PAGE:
Consultation is set to begin on the introduction of Red Routes to speed up traffic flow on three key roads in Liverpool.
Red routes – first introduced in London in 1991 and also used in the West Midlands and Stoke on Trent – are major roads on which vehicles are not permitted to stop, including loading and unloading. They are generally in operation from 7am – 7pm on Monday to Saturday, although round the clock restrictions usually apply near traffic lights and at bus stops. Blue Badge holders and licensed taxis can still pick up and drop off.
A report to the city council on Friday 15 December is asking for permission to begin a feasibility study into their introduction on the following routes:
The roads have been chosen to be looked at because they are known to have congestion caused by inconsiderate and illegal parking, which creates pinch points and leads to snarl ups.
Deputy Mayor, Cllr Ann O’Byrne, said: “Every driver gets frustrated by other road users who show no consideration for others by stopping on major routes or parking half on the pavement, causing inconvenience for pedestrians as well. It leads to inconvenience, congestion, delays and increases pollution because cars are stationary when they should be moving.
“At a time when we are investing £250 million upgrading major routes across the city, it is vital we complement this work by ensuring we have a free flowing traffic network able to operate at maximum capacity.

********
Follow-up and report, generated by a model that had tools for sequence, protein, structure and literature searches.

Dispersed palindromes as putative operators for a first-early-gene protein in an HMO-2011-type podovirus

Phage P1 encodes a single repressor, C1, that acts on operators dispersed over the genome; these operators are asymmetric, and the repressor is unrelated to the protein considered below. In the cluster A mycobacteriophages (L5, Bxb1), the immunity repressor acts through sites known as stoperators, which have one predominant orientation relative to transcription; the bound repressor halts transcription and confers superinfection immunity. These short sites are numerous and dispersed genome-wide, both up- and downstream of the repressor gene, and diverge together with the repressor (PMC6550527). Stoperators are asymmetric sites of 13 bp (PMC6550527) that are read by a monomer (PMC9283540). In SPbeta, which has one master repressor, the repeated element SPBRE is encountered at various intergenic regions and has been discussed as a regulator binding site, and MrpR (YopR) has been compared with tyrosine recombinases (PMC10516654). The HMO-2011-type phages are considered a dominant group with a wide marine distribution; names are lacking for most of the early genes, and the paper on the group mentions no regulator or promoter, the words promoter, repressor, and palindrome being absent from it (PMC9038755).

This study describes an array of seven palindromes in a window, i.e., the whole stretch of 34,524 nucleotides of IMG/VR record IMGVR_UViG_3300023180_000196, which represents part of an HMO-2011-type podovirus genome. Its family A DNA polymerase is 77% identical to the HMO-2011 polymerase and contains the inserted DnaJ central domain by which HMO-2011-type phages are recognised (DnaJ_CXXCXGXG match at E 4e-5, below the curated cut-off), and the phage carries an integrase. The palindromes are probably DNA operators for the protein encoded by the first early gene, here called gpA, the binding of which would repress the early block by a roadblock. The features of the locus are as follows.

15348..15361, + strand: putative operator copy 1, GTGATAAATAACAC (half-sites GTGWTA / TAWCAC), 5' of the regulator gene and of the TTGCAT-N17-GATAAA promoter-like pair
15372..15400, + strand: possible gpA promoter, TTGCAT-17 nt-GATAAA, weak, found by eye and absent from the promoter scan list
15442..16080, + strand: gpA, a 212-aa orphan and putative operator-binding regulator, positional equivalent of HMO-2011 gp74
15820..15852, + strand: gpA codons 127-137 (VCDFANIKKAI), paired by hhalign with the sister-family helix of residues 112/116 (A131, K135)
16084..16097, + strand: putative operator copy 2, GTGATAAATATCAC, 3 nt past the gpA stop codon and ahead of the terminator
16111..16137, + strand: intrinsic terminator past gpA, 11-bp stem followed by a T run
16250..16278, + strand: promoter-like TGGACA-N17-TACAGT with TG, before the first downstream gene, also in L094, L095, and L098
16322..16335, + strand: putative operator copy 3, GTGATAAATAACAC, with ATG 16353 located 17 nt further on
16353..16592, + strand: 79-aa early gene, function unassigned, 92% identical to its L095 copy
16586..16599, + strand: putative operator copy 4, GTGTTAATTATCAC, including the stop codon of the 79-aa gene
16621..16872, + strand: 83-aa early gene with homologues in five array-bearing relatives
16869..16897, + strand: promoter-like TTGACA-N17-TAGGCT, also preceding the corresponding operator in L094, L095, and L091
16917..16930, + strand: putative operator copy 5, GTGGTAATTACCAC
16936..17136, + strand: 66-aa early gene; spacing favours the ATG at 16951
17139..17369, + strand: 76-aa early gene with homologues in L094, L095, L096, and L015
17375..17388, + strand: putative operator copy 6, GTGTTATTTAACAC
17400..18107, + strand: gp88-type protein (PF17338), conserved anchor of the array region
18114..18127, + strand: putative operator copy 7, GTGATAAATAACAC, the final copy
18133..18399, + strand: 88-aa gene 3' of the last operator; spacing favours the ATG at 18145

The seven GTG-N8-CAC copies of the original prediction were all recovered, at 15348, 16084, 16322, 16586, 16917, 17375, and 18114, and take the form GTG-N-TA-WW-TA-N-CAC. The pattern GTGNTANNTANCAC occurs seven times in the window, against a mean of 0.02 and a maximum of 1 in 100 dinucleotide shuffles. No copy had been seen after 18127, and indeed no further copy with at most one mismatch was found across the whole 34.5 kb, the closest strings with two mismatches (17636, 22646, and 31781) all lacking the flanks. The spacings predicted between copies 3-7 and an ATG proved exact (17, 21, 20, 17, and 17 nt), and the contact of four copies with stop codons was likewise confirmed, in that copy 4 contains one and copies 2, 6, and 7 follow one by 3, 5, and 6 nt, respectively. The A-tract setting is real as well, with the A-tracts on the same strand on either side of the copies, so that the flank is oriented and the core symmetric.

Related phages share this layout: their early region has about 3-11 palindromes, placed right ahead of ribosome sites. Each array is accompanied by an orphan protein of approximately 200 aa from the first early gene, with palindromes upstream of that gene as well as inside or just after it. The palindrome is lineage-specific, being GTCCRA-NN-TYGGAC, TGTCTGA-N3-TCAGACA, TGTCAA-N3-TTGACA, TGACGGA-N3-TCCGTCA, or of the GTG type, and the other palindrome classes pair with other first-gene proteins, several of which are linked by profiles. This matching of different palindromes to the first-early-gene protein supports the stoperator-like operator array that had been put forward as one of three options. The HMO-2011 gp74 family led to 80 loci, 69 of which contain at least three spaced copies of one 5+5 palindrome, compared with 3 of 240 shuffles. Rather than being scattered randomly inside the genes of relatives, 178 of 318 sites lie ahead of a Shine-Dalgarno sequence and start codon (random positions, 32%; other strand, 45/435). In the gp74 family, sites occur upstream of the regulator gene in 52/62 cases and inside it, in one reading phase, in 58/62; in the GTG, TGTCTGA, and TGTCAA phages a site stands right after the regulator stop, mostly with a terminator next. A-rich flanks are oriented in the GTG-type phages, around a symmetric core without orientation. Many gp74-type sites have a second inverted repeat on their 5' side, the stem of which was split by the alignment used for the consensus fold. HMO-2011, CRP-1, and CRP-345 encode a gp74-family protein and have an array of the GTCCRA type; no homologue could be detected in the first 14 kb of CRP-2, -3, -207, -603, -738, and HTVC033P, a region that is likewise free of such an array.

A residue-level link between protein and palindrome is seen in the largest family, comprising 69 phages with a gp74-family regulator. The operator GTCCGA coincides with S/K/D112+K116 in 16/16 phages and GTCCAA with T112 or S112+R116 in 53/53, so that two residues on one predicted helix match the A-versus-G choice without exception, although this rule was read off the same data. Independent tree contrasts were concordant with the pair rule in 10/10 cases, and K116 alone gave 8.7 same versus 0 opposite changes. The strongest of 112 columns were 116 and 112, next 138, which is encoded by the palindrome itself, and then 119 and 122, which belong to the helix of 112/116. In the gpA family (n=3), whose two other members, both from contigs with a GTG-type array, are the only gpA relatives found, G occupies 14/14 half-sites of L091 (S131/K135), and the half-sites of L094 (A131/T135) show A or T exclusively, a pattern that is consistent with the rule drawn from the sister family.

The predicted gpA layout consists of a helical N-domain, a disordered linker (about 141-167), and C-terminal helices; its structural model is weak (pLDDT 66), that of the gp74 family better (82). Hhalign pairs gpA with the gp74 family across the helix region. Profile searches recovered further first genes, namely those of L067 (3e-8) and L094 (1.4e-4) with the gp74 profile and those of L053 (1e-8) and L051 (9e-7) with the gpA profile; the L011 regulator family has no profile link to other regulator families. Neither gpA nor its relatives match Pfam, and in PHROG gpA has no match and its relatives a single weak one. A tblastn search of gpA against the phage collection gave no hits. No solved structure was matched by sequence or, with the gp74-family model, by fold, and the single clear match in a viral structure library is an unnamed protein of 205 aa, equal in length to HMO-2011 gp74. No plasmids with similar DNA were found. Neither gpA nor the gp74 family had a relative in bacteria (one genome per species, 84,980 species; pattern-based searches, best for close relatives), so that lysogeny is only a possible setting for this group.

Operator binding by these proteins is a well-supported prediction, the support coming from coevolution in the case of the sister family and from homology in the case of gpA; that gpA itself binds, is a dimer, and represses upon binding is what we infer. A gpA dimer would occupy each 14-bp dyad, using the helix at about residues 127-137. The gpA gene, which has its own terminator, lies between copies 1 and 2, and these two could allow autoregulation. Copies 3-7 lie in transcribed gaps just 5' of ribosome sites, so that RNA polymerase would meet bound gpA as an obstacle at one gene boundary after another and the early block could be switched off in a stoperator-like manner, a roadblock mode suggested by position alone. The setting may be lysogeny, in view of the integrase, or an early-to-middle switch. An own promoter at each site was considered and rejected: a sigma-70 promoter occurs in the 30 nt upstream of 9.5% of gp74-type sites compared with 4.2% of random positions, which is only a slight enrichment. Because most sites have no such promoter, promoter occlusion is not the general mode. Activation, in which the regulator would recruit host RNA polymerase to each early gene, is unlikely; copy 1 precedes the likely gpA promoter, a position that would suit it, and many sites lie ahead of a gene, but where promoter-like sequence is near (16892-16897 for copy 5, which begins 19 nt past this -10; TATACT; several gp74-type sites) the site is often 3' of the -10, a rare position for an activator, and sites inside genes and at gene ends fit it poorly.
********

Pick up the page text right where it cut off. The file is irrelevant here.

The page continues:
“As we continue to rebuild our city for the 21st century, attracting more investment, jobs and people, we have to make sure road users can get across the city as quickly and easily as possible. Delays to journeys cost businesses and commuters both time and money.
“We believe that the introduction of Red Routes could help ensure a smoother journey – but we want to hear all views during the consultation period. This is just something are looking in to at this stage. I promise we will listen carefully to feedback and look to put into place measures which mitigate any impact on local businesses if we decide to push ahead with one or all of the routes.”
If Red Routes are introduced, they would replace all existing yellow line and clearway restrictions and be enforced using the existing traffic cameras, which were previously used for the bus lanes that were withdrawn in 2014. The council could also look at the potential of towing vehicles away, which it does not do at the moment.
If approved by the Cabinet, a consultation will get underway which will include community events, an online survey and letters to people whose properties front the affected routes.